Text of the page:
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Feeling lonely in university
Feeling lonely at university might seem strange but it’s actually very common, especially with online lessons and lectures becoming the norm over the last couple of years.
You can be surrounded by many people and still feel lonely, just as you can be alone and not lonely. It’s a feeling most people will experience at some point in their lives and it’s nothing to be ashamed of. There are a lot of factors that can contribute to the feeling of loneliness whilst at university:
- Moving away from home, family and friends.
- Adjusting to a new environment, city or even country.
- Living at home during university, being a mature student and feeling like you’re missing out.
- Online lectures and lack of social interaction and routine.
The thing to remember is that feeling lonely at university is perfectly normal, especially for first year students, but there are plenty of resources available to help you right on your doorstep.
How do I know if I’m lonely?
Being lonely isn’t the same as being alone. You may feel like there’s just ‘something‘ missing, it may not be definable but if one of the following bothers you, you may be lonely:
- I don’t have someone I feel really close to.
- I don’t have much in common with the people around me.
- I don’t know many people to hang out with.
- No-one asks how I’m feeling, or how my day went.
- I don’t have anyone I can be myself around.
- A problem is getting me down, but I can’t tell anyone.
- I can’t join in with things because I feel different to others (i.e. because of money, age, disability, politics, or something else).
How can I cope with loneliness?
You can’t just switch off the feeling of loneliness, but there are ways to handle those feelings. Mindfulness or keeping a diary all help identify and release those feelings.
Even if you don’t feel like it, make plans to be around others. Just remember, it’s not necessarily the quantity of social interactions that can help, but the quality. University is the perfect place in finding likeminded people who share similar interests so don’t feel afraid to strike up a conversation with someone in your class or your flat. Invite them for a drink or study session or even cook together. The companionship will lift your mood, and reduce feelings of isolation.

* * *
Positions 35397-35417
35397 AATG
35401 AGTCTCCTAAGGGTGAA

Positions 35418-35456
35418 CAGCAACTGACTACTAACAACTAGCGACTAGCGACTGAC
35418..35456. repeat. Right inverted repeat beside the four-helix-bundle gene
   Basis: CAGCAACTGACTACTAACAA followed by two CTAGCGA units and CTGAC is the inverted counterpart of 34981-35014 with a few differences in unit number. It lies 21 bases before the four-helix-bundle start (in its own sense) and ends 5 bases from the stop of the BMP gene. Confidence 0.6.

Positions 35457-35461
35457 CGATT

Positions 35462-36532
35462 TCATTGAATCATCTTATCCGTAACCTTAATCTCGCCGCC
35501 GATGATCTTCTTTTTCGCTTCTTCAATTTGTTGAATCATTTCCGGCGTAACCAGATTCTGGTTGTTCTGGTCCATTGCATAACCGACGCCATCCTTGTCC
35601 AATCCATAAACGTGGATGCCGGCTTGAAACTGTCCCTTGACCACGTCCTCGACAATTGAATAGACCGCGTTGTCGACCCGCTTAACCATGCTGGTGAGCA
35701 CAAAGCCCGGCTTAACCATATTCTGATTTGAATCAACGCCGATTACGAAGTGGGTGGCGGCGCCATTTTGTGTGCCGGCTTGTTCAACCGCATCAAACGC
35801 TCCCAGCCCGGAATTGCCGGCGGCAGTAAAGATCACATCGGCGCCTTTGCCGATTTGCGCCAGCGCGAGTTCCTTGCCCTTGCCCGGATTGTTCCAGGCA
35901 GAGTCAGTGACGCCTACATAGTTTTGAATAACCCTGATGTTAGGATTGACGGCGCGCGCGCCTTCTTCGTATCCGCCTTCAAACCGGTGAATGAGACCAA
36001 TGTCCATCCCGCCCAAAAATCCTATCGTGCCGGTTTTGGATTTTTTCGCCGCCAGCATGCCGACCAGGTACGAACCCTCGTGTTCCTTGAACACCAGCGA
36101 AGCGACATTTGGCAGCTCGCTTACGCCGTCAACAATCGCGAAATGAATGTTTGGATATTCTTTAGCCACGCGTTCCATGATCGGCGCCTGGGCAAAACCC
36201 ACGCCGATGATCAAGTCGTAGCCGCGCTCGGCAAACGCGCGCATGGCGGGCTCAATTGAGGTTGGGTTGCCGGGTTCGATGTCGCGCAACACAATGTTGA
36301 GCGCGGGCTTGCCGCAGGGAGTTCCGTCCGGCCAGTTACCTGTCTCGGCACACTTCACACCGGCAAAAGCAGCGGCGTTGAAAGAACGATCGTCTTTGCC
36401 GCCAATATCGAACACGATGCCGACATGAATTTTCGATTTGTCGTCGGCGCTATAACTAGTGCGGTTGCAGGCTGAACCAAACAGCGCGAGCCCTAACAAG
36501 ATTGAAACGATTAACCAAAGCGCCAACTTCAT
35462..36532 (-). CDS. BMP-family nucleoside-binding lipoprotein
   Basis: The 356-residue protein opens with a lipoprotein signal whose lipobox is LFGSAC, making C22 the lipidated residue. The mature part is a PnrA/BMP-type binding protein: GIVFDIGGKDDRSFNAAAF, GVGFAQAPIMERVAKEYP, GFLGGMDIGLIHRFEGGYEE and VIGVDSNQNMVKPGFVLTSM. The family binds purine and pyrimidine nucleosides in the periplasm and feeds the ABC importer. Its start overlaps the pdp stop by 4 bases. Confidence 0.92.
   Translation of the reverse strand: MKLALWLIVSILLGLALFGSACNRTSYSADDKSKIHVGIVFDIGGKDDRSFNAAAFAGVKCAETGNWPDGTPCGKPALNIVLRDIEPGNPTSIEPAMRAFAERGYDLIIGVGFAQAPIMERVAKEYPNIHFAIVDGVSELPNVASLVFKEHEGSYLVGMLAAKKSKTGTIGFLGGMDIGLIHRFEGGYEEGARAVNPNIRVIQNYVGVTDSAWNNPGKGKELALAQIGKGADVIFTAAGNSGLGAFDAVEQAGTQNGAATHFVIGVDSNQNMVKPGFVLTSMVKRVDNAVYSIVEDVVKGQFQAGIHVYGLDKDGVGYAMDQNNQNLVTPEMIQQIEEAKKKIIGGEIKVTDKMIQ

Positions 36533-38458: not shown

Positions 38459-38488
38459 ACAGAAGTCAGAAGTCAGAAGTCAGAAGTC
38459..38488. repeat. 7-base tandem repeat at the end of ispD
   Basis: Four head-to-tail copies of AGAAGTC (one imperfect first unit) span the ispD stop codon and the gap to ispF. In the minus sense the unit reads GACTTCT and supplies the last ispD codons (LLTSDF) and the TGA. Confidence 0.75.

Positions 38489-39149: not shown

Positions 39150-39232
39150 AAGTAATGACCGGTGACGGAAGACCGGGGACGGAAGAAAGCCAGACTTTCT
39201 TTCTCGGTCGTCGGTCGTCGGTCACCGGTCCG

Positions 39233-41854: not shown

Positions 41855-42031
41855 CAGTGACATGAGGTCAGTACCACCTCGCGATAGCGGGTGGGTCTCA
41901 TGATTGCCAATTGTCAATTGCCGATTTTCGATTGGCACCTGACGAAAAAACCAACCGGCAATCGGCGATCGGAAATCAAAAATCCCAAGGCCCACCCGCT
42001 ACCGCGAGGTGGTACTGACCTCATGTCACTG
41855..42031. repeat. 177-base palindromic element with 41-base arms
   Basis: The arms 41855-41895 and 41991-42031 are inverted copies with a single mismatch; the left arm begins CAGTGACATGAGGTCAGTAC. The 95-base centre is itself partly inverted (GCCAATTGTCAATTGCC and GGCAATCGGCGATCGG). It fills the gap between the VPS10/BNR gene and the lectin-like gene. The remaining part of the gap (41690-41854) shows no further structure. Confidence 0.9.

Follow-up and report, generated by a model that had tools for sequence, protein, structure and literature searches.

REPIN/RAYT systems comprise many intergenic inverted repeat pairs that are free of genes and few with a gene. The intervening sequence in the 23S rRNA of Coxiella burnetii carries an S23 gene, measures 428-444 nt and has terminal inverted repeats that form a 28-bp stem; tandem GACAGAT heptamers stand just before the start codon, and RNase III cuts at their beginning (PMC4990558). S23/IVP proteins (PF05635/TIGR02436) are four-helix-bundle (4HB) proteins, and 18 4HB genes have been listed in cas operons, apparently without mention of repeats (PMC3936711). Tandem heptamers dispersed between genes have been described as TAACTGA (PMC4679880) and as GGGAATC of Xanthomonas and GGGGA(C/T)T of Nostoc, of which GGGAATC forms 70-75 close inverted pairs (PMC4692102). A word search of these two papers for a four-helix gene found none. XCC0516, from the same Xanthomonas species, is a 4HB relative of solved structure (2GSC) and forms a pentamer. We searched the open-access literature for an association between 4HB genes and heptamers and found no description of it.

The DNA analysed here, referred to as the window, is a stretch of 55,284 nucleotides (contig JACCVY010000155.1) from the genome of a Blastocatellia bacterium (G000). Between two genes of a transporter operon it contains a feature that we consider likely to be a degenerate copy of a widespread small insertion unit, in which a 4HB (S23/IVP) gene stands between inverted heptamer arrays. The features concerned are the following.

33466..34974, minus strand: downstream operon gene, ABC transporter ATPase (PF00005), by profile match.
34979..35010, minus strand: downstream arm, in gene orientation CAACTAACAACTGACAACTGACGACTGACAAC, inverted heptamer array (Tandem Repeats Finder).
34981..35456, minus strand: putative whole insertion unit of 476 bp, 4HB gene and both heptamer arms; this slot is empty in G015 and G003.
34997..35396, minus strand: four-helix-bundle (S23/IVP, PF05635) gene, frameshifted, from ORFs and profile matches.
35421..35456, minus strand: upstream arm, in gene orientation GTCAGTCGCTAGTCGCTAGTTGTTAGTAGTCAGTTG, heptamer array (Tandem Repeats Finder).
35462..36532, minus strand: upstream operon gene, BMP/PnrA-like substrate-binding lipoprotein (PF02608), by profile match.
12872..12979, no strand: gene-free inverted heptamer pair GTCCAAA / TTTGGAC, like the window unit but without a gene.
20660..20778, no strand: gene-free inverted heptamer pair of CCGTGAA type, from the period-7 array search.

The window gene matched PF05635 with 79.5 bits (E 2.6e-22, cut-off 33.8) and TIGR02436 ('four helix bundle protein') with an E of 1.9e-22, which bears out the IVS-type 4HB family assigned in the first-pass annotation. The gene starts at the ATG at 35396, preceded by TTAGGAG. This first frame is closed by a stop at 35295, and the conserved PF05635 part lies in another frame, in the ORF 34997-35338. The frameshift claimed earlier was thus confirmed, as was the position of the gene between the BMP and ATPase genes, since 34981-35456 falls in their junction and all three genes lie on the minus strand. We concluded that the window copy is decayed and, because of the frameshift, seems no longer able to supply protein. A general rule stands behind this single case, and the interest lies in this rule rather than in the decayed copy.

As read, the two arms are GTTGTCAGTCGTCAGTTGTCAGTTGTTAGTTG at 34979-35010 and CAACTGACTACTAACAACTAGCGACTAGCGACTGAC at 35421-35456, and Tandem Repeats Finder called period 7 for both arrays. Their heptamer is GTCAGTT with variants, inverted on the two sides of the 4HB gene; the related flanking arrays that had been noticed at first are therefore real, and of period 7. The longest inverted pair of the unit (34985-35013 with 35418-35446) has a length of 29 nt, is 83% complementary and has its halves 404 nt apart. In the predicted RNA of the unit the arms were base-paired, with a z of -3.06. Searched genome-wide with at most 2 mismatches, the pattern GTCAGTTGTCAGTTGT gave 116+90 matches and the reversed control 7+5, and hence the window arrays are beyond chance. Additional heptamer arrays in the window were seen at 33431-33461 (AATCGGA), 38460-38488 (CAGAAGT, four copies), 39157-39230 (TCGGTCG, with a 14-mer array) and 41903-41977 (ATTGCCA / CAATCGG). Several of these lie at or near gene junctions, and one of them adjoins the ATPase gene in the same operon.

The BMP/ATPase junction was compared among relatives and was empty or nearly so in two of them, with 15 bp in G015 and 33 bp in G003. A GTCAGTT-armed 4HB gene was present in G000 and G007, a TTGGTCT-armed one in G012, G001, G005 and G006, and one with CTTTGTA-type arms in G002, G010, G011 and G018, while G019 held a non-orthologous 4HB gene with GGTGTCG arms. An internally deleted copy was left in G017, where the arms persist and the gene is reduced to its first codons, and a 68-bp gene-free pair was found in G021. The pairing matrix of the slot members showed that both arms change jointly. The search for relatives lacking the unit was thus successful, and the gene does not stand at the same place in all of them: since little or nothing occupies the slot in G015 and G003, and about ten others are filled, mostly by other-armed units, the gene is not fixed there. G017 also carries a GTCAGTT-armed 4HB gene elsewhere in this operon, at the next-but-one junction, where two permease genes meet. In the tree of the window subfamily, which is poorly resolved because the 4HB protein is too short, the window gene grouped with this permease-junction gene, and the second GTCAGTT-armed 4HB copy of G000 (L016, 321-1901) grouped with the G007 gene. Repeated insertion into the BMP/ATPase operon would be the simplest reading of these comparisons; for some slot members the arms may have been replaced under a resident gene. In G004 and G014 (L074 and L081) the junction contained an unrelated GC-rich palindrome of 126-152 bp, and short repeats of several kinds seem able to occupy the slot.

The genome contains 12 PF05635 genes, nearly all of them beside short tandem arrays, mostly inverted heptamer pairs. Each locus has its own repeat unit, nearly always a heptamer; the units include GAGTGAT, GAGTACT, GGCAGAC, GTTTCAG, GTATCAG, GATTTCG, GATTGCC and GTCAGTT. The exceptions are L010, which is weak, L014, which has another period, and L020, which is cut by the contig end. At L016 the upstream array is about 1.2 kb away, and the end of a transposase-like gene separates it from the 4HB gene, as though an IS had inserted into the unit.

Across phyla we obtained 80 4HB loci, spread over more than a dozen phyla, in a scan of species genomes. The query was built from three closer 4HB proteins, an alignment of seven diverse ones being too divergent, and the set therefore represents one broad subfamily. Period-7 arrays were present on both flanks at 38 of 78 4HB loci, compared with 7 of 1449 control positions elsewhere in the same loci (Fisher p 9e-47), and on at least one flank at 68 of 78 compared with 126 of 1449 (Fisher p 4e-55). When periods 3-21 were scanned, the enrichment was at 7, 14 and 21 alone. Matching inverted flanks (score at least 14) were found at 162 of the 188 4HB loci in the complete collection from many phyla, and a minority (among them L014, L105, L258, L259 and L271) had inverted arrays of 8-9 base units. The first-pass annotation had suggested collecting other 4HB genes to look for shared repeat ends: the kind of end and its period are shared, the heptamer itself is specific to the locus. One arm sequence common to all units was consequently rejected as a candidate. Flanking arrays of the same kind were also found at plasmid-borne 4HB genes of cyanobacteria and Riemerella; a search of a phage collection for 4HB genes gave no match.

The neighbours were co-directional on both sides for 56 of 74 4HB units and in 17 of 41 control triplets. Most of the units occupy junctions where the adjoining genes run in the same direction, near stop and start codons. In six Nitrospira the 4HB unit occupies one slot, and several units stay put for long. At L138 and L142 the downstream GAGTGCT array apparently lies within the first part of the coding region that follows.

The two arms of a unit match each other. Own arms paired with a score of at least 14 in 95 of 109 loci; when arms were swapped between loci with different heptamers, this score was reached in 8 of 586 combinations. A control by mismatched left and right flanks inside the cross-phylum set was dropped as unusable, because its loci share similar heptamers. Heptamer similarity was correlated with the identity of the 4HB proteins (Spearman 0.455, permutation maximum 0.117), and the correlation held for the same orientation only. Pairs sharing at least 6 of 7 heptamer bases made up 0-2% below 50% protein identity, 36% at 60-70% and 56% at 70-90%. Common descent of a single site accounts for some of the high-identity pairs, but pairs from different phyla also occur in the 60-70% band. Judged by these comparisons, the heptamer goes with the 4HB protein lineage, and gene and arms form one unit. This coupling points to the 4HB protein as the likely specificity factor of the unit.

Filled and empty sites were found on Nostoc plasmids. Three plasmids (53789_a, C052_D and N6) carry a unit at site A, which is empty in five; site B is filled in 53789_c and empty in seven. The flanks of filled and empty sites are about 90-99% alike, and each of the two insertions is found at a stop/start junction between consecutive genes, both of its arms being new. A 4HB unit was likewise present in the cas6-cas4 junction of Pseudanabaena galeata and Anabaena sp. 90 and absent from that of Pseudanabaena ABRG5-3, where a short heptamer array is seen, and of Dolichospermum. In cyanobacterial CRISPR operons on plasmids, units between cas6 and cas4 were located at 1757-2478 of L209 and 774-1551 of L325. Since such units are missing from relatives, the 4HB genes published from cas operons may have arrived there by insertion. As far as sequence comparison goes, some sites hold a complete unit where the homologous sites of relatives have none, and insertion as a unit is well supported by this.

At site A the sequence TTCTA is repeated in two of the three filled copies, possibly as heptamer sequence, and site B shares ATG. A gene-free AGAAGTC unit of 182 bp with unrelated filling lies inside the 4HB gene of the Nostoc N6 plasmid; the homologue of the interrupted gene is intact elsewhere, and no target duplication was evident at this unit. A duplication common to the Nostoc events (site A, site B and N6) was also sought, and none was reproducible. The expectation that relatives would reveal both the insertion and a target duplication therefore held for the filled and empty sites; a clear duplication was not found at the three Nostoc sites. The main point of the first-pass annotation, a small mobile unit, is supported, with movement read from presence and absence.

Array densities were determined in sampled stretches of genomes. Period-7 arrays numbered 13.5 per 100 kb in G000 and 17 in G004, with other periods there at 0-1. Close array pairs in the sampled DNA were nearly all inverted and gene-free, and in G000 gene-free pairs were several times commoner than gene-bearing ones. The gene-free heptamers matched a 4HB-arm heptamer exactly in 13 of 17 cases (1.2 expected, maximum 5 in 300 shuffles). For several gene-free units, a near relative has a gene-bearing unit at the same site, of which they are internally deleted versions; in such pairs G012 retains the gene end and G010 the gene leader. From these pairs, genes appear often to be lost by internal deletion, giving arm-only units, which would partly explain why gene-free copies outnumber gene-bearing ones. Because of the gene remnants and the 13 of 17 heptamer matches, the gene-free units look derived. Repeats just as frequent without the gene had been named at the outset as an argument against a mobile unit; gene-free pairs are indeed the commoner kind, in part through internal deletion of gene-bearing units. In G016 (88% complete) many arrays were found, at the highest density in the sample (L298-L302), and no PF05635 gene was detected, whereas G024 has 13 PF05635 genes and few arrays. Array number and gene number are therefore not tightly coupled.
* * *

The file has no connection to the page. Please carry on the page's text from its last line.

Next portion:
Joining a club or sports team, meet new people and broaden your social circle. Student Unions also hold plenty of events like quiz nights, bingo lingo and music nights which are a great way to connect with others.
Opening up about how you feel can really help cope with loneliness. It’s difficult to talk but sharing how you feel with family, a friend, someone you trust or even contacting a support organisation will make the world of difference. Check out our ‘Your wellbeing‘ section for support organisations that can and will help you.
It’s just another emotion.
Loneliness is just like any other feeling or emotion – it comes and goes. Reach out for help if you need it.
9th to 15th May 2022 is Mental Health Awareness Week with the theme of Loneliness.
Getting serious about the environment we live in.
To become more ‘environmentally friendly’, Host is launching the #HostEnvironmentalPledge campaign to encourage responsible behaviour and drive sustainability across our sites throughout the UK and Ireland.
It’s a simple campaign! If we can reduce our overall utilities (electric, water and gas) consumption by 1% then we will donate £10,000, 2% reduction means £20,000, 3% is £30,000 and so on, to 3 charities; BulliesOut, Planet Patrol and World Land Trust.Show me all news
Feeling lonely at university might seem strange but it’s actually very common, but what is loneliness and how do I combat those feelings?
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